Classroom management focuses on creating a positive classroom culture where students can learn. A number of factors play into this such as discipline, building trust, routine, learning spaces, and transitions. Classroom management can make the different between a good teacher and a great teacher.
There are 5 elements of classroom management as outlined in Chai, Lim, & Pek (2005). that teachers need to consider when integrating technology into lessons.
1. Supporting activities for ICT tools
Learning technology tools to complete an activity adds another level of complexity to the learning for students even when technology is a great way to engage students. When I am teaching a class where I am introducing students to a new technology, I model how to go about doing it and then allow them the opportunity to try. This is aligned with Hudson & Notman's paper (2001) that suggests teachers should model a few technology skills to begin the lesson. Often I also give students time to explore a tool first and allow them to inquire into what the technology tool can do. Then we share what we've learnt and ask questions about things we still can not figure out.
2. Role of the teacher
Teachers are no longer the only source of information with ICT and a class of students. Thus, teachers become the facilitators of learning(Chan, Lim & Pek, 2005, p.410). I always make sure I can see the students' screens easily and walking around to monitor students' online behaviours. Visual timers and sound cues help to cut down on transition times in order to make the learning the focus and not the time getting ready for learning. I also ensure my materials are ready prior to the start of the lesson in order to have a lesson that can flow from one part to the next.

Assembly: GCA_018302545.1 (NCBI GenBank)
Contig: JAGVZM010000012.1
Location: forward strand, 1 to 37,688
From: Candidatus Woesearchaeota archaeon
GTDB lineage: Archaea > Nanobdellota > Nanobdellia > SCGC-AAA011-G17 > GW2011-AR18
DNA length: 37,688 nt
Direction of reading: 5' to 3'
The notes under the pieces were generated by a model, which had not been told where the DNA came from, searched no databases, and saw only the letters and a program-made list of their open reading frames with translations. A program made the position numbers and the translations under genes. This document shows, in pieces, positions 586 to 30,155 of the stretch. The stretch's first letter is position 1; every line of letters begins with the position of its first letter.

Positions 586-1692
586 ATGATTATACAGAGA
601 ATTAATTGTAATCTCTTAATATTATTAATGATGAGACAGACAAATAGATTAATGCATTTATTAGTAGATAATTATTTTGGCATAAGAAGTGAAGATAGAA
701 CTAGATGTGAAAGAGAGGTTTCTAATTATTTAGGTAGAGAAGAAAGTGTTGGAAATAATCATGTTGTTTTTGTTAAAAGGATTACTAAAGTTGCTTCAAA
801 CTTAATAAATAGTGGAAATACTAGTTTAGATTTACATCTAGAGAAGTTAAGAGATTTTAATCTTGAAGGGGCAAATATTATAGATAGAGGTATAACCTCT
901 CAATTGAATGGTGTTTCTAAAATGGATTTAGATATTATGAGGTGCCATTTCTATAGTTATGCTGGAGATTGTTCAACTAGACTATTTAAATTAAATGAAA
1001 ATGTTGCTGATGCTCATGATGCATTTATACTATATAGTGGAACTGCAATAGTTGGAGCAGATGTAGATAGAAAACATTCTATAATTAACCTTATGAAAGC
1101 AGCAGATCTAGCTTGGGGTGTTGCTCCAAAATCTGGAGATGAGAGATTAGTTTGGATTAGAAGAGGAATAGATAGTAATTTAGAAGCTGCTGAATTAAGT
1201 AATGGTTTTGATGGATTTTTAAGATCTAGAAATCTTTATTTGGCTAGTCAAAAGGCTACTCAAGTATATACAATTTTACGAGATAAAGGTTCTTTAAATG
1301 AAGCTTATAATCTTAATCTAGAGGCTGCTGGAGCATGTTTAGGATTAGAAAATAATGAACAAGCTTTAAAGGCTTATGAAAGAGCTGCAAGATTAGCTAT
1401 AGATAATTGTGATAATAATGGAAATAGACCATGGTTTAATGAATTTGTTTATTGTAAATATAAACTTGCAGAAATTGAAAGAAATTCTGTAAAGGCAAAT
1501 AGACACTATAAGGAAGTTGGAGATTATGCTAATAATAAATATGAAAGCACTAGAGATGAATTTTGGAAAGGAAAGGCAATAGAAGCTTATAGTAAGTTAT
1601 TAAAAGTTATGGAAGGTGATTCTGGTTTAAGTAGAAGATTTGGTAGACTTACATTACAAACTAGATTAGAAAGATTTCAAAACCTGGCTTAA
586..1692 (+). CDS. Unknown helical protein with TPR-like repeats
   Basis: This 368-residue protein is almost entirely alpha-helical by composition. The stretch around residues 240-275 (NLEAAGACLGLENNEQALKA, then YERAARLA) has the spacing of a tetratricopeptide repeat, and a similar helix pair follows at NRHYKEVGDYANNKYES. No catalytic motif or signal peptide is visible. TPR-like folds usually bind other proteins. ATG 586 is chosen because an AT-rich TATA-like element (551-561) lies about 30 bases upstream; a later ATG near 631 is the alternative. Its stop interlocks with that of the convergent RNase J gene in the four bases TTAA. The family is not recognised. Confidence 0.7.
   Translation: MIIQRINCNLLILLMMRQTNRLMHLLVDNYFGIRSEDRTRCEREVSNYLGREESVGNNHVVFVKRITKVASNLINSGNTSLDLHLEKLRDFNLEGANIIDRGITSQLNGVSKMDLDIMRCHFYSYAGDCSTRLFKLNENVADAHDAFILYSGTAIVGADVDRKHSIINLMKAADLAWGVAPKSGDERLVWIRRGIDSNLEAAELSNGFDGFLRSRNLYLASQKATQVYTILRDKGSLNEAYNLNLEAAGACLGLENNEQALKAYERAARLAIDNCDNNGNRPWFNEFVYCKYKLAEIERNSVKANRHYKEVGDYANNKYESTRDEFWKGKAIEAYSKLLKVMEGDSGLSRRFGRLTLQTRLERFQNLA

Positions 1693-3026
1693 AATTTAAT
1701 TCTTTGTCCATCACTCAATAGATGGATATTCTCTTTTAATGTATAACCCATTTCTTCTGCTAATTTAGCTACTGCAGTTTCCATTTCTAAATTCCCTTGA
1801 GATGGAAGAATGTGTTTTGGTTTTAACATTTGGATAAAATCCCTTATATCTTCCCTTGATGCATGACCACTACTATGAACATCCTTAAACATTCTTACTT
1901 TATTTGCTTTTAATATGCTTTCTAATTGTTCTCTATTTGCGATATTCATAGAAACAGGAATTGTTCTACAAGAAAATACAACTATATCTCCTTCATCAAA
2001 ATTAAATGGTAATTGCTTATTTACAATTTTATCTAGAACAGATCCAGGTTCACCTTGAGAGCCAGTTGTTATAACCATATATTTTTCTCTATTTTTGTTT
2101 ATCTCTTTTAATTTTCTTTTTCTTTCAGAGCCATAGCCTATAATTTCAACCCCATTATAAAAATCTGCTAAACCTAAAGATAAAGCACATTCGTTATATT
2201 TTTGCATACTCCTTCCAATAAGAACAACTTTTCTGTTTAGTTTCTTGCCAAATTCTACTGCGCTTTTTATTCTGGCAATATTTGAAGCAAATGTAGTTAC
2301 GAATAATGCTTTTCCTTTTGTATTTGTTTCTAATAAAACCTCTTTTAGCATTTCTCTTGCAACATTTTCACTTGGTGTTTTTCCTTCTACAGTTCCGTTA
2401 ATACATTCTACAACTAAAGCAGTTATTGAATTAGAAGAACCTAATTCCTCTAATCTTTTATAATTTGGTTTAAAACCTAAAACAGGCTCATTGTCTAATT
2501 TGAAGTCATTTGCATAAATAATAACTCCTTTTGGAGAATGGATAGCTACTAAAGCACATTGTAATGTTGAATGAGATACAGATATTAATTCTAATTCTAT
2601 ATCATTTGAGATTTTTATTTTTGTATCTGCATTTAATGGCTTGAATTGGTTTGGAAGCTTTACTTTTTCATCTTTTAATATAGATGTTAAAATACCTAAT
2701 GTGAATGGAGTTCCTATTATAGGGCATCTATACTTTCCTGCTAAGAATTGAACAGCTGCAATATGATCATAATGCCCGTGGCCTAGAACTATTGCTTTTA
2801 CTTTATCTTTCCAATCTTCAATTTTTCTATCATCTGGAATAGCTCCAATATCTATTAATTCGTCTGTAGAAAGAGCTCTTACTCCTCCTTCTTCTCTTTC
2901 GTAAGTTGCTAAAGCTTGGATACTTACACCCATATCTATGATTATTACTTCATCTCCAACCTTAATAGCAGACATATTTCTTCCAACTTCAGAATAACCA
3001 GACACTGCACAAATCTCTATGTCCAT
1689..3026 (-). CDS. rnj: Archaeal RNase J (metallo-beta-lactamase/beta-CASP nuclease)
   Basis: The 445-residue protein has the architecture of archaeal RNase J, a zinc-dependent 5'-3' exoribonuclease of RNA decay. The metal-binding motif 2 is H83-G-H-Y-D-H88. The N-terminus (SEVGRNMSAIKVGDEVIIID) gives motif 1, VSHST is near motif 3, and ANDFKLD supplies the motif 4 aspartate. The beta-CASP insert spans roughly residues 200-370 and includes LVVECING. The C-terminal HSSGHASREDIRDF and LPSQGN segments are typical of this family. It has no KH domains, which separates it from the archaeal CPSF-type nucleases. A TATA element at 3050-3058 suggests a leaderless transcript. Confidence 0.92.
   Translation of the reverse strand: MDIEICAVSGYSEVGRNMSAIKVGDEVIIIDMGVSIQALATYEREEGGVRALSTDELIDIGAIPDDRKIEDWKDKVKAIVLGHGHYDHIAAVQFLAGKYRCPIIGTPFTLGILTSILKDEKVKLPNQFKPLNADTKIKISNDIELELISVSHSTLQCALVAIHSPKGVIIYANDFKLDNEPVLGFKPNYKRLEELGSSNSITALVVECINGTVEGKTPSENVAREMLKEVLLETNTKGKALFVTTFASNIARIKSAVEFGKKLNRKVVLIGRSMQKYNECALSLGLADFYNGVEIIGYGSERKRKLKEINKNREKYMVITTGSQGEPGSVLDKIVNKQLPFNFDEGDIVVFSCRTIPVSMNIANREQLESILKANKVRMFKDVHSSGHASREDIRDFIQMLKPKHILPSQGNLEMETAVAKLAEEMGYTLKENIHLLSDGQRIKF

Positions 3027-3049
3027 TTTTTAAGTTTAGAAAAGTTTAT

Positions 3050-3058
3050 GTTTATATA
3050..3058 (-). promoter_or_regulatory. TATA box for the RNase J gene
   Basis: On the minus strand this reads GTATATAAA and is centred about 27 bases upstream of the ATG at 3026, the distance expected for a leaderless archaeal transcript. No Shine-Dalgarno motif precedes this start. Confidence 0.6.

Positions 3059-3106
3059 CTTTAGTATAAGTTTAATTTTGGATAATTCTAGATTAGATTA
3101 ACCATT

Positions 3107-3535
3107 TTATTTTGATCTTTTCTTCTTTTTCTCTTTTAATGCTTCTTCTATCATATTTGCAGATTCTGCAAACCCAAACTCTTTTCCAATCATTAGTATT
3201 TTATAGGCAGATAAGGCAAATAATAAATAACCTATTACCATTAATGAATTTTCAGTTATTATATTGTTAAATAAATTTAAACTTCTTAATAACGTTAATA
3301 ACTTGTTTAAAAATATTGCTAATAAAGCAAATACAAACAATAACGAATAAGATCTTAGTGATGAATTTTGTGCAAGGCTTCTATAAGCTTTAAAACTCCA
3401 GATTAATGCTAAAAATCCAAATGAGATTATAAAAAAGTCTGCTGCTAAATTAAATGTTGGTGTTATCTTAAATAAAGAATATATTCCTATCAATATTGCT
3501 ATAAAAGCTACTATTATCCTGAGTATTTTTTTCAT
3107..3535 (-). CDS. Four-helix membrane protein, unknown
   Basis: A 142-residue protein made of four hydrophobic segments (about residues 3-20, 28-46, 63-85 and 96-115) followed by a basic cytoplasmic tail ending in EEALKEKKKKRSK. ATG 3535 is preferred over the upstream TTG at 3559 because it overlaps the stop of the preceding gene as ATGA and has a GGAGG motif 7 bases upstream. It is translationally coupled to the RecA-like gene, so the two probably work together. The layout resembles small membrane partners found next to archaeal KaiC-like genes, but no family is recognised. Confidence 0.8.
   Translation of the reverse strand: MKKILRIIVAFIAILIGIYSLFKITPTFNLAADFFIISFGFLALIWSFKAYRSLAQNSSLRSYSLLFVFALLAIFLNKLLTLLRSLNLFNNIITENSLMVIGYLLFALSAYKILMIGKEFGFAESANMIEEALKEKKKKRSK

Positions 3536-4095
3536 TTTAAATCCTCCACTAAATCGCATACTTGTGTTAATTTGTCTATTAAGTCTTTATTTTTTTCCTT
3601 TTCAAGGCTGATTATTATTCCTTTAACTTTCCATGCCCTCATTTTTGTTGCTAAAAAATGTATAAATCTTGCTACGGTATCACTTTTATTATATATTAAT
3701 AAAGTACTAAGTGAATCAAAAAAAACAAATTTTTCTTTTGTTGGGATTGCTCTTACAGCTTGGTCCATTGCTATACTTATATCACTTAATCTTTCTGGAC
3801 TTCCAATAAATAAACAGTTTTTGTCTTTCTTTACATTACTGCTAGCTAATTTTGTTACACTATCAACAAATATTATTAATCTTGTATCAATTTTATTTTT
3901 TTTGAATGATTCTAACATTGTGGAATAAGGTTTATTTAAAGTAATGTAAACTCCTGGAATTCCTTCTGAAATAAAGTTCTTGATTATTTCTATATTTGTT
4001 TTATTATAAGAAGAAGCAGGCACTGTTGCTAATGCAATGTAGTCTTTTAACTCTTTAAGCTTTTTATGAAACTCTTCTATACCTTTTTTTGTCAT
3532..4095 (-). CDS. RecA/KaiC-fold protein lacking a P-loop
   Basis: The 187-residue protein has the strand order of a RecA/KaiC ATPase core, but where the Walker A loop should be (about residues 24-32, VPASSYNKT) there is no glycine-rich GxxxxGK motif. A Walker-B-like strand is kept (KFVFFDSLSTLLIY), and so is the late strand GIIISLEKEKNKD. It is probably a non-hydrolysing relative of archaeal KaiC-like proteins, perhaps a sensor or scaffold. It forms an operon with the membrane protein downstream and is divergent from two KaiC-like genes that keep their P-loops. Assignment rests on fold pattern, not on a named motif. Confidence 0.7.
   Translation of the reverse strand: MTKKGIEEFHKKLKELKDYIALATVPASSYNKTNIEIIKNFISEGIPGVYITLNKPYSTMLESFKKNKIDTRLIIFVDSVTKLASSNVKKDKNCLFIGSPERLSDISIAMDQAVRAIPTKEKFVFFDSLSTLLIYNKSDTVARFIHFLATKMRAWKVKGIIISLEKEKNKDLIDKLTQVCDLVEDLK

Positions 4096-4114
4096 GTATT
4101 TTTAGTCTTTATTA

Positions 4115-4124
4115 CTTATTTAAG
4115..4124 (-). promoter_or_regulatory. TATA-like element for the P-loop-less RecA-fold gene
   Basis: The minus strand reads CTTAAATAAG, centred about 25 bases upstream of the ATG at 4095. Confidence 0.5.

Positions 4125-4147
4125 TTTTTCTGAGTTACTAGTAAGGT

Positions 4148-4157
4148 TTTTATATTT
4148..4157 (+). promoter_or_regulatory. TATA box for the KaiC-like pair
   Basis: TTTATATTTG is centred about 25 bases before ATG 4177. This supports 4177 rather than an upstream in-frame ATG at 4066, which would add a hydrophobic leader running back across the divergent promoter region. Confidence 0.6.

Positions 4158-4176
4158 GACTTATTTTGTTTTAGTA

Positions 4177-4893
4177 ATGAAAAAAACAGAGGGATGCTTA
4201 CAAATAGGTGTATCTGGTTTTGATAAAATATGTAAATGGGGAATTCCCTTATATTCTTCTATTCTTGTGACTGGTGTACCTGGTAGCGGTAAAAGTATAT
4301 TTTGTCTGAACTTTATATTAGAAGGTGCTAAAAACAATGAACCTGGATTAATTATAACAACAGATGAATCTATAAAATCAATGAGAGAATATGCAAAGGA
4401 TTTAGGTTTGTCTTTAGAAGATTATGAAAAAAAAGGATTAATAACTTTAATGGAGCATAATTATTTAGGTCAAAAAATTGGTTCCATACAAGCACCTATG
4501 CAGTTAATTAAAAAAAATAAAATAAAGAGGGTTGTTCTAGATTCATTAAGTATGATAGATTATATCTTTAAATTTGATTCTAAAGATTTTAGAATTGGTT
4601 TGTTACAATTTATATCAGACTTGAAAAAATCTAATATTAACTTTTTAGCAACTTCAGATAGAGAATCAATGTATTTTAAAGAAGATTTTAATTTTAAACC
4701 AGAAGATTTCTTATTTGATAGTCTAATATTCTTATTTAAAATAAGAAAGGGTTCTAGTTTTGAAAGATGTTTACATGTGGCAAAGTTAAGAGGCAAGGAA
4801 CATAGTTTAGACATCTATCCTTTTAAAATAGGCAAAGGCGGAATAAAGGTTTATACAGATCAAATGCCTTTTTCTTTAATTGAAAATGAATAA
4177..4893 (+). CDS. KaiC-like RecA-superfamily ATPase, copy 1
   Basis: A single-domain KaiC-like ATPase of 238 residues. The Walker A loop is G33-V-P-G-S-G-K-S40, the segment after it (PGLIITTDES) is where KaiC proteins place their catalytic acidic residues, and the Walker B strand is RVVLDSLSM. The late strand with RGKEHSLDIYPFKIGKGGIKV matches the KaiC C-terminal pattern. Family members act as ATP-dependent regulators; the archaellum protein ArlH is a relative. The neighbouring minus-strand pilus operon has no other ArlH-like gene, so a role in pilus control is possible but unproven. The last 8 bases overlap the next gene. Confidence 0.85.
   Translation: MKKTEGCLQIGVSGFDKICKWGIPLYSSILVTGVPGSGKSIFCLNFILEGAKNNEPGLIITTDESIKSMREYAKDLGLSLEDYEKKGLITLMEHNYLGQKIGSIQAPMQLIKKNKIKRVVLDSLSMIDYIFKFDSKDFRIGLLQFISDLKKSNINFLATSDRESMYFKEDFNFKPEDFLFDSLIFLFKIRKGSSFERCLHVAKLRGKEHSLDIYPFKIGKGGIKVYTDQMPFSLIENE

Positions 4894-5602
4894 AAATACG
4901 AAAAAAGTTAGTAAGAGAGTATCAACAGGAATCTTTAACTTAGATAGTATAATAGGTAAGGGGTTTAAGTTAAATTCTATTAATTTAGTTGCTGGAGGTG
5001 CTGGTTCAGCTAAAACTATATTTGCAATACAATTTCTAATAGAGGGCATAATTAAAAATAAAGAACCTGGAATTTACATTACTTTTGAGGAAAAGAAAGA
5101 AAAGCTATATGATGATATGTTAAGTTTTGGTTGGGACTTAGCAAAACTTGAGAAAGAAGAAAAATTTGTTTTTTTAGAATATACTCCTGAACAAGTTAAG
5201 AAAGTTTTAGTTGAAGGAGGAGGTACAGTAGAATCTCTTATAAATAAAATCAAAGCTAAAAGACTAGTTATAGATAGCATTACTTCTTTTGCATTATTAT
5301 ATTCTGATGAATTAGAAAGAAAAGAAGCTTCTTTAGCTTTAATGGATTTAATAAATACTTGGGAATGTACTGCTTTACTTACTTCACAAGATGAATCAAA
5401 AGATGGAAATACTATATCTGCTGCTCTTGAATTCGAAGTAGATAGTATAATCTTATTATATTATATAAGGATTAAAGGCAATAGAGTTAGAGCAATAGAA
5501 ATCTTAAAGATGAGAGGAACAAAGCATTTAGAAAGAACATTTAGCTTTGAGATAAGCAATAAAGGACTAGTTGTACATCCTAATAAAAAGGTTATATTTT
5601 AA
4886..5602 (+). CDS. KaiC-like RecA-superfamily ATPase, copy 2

3. Role of student helpers
In my class, I have always had student helpers. The students in my class generate the jobs at the beginning of the year that we feel are needed to help the class run. Each week I would move the helping hands so that everyone had each job at some point in the year to make it fair. The students take their roles very seriously which helps students get on with the learning.
4. Technical support for teachers
The best technical support in my classroom always came from my students. Each week I had two students designated as the techsperts. There role was to help other students and myself solve any technical issues they were having. This meant the students would go to the techsperts before coming to me for support, creating a culture of collaboration and community of support. If necessary, we could also call on the tech department for support.
5. Establishment of rules and procedures
It is important to set the tone of the classroom from the beginning of the year. Each year, the students create their essential agreements together and sign them stating they will abide by them. Having students come up with the essential agreements mean they have more ownership over the class and more responsibility to follow them.
For ICT, we have our acceptable use policy that we also use and abide by. Students read it with their parents and return it to school signed. Online safety is important and students understand that if they are unable to follow the agreement, they may not be able to use technology in their learning experiences. These agreements are reviewed and reflected on regularly throughout the year.
Chai, C., Lim, C., & Pek, M. (2005). Classroom management issues in information and communication technology (ICT)-mediated learning environments: back to the basics. Journal of Educational Multimedia and Hypermedia, 14(4), 391-414.
Hudson, R. & Notman, H. (2001). Challenges of ICT resourced classes and helpful routines: Lessons from teaching practice. Computer Education, 99, p. 24-26.